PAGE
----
One area that I feel does not receive enough attention by classroom teachers is the concept of formative assessments. Recently a tweet from @clifmims
reminded me how I use games as a form of formative assessments. As I considered the variety of formative assessments I have used, I realized that games were where I saw students enjoying and participating the most. Any points earned in a game are for BRAGGING rights only. Below are variations of games and how I use them for formative assessments:
1. Rotating Rows is the simplest game I have used. My room is arranged in rows and the person at the front of each row is the only one who may answer the question. Peers on the team may help – but blurting out answers may help another team more than your own team. I have used this for something as simple as a 5-10 minute review at the end of class to ensure students knew the material covered that day. Points are awarded to the successful answer. Front player from ALL teams rotates to the back of the row – everyone moves up one seat and play continues.
2. Win-Lose-or-Draw (Each team selects a person who must illustrate one concept discussed that day … my choice of concept). Teams blurt out answers. I record points at the board by team.
3. Jeopardy – questions are posted at the board similar to the real Jeopardy game. I have two variations on this game.
a. Simple version – team selects one player to give answer to first question and this option rotates between players with each question. First hand up gets to answer the question first – if wrong, the second person gets to answer it … this process continues until the correct answer is given. I require students to state their answer in the form of a Question. Points are like the show (you can go up or down based on the correct or incorrect answer.)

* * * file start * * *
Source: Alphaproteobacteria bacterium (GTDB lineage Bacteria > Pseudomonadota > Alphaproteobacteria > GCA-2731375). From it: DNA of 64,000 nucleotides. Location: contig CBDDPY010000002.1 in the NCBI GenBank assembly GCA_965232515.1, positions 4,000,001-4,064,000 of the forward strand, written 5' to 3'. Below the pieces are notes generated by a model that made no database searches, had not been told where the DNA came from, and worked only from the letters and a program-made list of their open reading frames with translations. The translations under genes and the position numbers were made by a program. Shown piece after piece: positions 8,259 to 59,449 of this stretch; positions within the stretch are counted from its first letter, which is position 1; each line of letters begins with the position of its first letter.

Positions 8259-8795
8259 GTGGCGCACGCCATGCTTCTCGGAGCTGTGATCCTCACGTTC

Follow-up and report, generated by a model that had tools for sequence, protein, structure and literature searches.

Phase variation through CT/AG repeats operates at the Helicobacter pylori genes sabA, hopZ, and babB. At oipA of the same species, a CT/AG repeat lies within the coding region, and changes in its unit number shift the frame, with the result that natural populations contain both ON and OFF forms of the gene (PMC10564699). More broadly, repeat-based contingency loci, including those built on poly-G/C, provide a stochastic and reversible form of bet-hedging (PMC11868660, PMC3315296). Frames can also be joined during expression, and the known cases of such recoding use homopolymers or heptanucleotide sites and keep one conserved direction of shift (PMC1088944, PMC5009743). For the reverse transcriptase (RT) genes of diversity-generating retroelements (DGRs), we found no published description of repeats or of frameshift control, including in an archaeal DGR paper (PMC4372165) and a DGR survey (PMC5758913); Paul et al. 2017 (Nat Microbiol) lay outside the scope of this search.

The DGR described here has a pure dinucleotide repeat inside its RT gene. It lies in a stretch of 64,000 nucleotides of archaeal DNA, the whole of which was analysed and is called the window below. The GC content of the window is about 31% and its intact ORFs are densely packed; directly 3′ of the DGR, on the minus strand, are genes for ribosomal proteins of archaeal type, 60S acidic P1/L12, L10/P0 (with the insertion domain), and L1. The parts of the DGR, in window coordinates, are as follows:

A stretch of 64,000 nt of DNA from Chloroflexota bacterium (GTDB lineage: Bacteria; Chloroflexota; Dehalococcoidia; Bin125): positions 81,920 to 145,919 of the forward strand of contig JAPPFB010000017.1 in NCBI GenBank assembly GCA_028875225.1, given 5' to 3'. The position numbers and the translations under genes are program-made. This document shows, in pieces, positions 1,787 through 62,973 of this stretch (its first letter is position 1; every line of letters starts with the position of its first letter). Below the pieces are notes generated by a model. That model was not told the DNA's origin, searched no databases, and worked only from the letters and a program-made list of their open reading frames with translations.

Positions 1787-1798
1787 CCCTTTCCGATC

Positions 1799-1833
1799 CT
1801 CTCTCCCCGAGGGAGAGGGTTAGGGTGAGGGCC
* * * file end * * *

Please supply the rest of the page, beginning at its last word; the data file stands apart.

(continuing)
b. Complicated version – requires individual response devices (clickers). I have used this with TurningPoint clickers. These require that I provide multiple response choices for students. Student teams get points (or lose points) based on how many members of the team answer correctly (or not).
4. Are you smarter than a 7th grader. My science department collaborates to create a set of questions for these “quizzes.” Each has 5 questions on it. Using clickers in each classroom, the questions are posed. Each question is about Science Processes and Science Skills (not specific subject matter.) Each class is a “team” and data is collected and posted in the school so everyone knows which class earned the highest percentage.
We have done a variation on this where ALL students who have science during the same period get into a classroom and do these questions against each other. Students quickly get involved and give positive feedback to everyone who gets questions correct. There is way too much noise and fun going on. At one point, we had about 100 students in the room; the doors closed, and were still told it was too loud for the class across the hall.
I have found that games have a place if they are well planned and specific to the subject. I do not believe that games should be the entire curriculum, but pedagogically I think they can reinforce material studied in the classroom.